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NO-styro Used Lunch Tray Puppets-
• NEW YORK (CBSNewYork) - Giant styrofoam marionettes were used at City Hall on Monday to protest the use of the material in New York City school lunch trays, WCBS 880′s Rich Lamb reported.

School Lunchroom Movement Wins NY Styrene Fight      

By CHAD BOUCHARD, January 2, 2014, Earth Eats, Indiana Public Media



The New York Times, March 9, 2010

Popcorn Fridays? Meet Trayless Tuesdays


Karen Moline, TruthAtlas Special Correspondent • Jan. 28, 2014 • Innovators, Special Feature


What she has done as co-founder and director of Cafeteria Culture (CafCu) is nothing short of astonishing. Instead of taking on the powers-that-be in the DoE, she partnered with them. The idea CafCu proposed was to have “Tray-less Tuesdays” citywide, with a goal of reducing trays by 20 percent in one year. The scheme worked, lessening the foam footprint by over 80 million trays since its inception. And CafCu is close to reaching their goal of completely eliminating polystyrene trays from all NYC schools, as well as from five other large U.S. school districts. The enormous combined buying power of these districts lowers the unit cost so compostable plates can be used instead of landfill-destined Styrofoam.


.One of the reasons the indefatigable Debby Lee has made this program so successful is not just her dedication, but her unique set of skills. Trained as a collaborative visual artist and educator, she has taught design at Parsons School of Design in NYC and created multi-media works, scenic designs, and some of the giant puppets well-known to anyone who’s seen the annual Halloween Parade in downtown Manhattan. “Artists are always on the cutting edge of change, and I look at problem-solving not in a linear, by-the-book way, but through the lens of design,” she explains. “Making use of design thinking creates a whole system where you can engage the creative process while you’re figuring out how to problem-solve, or when you’re teaching kids and you want the lessons to stick.”-


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Debby Lee Cohen, a public school mom and the director and co-founder of Cafeteria Culture, mustered for action with other environmentally-minded moms and teachers in the spring of 2009 to stop the waste of millions of polystyrene trays per day. Soon after, they launched a kid-driven pilot project to sort waste in lunchrooms, and 15 other groups in the city took up the cause.


“This landmark decision puts another nail in the coffin of toxic styrenes. It’s a victory for our health and our future!” Lee Cohen said in a release. “Our children’s children’s children will be thankful!”Cafeteria Culture has pushed for compostable trays to replace polystyrene ones, and spurred collective purchasing to keep costs down..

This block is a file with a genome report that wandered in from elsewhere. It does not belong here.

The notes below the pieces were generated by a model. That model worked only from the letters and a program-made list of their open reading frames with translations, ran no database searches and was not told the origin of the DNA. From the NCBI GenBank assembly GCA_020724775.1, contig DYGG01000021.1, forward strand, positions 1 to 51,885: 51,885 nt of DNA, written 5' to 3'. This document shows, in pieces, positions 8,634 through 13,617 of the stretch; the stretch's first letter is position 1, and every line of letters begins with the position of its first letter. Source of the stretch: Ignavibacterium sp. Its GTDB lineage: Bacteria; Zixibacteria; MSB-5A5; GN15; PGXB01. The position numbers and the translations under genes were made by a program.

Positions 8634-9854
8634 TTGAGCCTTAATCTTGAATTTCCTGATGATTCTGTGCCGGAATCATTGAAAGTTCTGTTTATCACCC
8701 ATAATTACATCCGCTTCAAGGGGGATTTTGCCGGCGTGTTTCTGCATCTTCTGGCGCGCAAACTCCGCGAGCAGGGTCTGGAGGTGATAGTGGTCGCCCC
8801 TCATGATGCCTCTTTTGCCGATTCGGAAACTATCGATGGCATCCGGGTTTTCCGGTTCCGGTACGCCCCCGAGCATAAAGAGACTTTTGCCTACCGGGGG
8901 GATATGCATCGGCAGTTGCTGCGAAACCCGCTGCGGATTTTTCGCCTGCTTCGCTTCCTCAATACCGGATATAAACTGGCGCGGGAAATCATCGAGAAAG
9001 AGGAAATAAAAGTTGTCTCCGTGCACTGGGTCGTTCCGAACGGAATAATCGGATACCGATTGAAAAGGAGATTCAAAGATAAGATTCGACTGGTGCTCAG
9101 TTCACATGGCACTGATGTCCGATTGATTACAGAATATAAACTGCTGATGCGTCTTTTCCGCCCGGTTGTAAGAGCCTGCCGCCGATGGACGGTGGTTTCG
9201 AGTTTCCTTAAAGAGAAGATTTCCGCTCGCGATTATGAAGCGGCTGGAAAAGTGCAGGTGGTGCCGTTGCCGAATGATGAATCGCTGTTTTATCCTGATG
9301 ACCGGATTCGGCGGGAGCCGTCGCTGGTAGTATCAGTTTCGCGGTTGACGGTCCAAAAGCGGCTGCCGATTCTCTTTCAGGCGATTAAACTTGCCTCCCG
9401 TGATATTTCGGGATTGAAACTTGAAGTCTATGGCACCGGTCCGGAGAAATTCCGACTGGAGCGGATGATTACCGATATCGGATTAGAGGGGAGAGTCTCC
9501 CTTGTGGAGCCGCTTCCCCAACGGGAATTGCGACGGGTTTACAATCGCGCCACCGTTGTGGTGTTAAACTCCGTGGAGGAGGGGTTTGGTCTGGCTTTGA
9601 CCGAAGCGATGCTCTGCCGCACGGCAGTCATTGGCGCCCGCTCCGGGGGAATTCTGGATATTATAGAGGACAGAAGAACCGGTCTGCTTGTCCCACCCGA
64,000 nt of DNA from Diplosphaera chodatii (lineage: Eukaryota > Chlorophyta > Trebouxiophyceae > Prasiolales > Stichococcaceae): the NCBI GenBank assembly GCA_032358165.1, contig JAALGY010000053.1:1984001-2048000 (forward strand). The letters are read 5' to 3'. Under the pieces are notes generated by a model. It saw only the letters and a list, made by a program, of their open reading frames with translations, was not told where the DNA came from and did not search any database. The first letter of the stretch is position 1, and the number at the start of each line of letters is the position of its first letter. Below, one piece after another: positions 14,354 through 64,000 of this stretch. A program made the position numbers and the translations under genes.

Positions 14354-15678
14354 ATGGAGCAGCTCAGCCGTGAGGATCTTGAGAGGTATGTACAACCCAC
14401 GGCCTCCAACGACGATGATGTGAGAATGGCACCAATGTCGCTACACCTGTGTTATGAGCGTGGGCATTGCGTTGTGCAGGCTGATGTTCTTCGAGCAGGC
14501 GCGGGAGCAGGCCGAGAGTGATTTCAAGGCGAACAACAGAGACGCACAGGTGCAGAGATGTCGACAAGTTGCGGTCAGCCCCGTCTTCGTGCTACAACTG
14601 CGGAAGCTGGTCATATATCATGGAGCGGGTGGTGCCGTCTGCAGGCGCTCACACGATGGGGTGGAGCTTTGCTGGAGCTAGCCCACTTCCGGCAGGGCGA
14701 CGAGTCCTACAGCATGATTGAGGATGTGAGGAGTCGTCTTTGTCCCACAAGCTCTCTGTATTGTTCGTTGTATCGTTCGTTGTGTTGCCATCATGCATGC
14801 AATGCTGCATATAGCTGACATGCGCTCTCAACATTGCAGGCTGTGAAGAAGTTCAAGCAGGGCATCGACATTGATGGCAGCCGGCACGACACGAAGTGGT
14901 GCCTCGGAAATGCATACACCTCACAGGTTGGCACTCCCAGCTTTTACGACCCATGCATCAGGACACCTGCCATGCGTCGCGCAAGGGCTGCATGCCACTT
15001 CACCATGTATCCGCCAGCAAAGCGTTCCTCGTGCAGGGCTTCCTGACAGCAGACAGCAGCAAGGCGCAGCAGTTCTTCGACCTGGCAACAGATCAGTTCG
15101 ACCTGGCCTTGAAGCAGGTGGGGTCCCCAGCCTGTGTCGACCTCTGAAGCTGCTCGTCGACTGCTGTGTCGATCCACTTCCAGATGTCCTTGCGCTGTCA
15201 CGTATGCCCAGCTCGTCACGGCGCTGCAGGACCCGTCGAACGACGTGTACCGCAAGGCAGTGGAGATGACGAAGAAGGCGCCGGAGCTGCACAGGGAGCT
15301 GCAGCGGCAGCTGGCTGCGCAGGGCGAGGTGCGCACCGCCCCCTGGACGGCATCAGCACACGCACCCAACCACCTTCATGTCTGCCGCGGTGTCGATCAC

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Keynote address by Debby Lee Cohen,
The New School,
Sustainapalooza III: Earth Week 2016 ->

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Trayless Tuesdays in NYC Schools Inspired by a 7 year old girl


Three years ago, I took my children to the Climate Change exhibit at the American Museum of Natural History. The kids raced in and out of rooms and three quarters of the way through, my seven-year-old suddenly stopped mesmerized, contemplating a diorama of a polar bear standing on a pile of trash. She turned to me and said,  “I’m not eating school lunch anymore so I can save the polar bears.” In that pile of trash was a polystyrene foam lunch tray. (read more)

BIO CYCLE, April 2012


Trayless In New York City

Some schools go trayless to reduce food waste. New York City public schools implemented “Trayless Tuesday” in order to immediately curtail 20 percent of polystyrene trays going to the landfill. While New York City’s 1,700 pubic schools recycle by mandate, most of the approximately 850,000 students participating in the school lunch program are still served on single-serving plastic foam trays. That amounts to about 153 million trays a year, says Debby Lee Cohen, director of Styrofoam Out of Schools/Cafeteria Culture, who participated in a recent webinar entitled “Reducing Waste in Schools” hosted by EPA Region 2. “These trays contain styrene and benzine, kids eat directly off of them, they are only used for 20 or 30 minutes, and then they get exported to out-of-state landfills. That’s inconsistent with the message children are taught in school and at home to reduce waste and recycle.”

But the trays are inexpensive, says Stephen O’Brien, Director of Food and Food Support for the New York City Department of Education (DOE), and that is a significant factor when more than 75 percent of participating students are served breakfast and/or lunch at a reduced rate or for free. Cohen and O’Brien got together and began to brainstorm how to make a dent in the problem, eventually involving the New York City Bureau of Waste Prevention, Reuse and Recycling. It turned out the DOE already had contracts for the bulk purchase of clay-lined paper boats, which could accommodate meals such as hamburgers, sandwiches and other items that did not contain high amounts of liquids or sauce. The menu was tweaked, and Trayless Tuesday was born. Rollout involved principals in each school explaining the program classroom by classroom, college student volunteers helping with initial implementation and a “flip, tap and stack” campaign to help ensure proper compliance. “If they are clean and dry, they can be recycled,” explains O’Brien.

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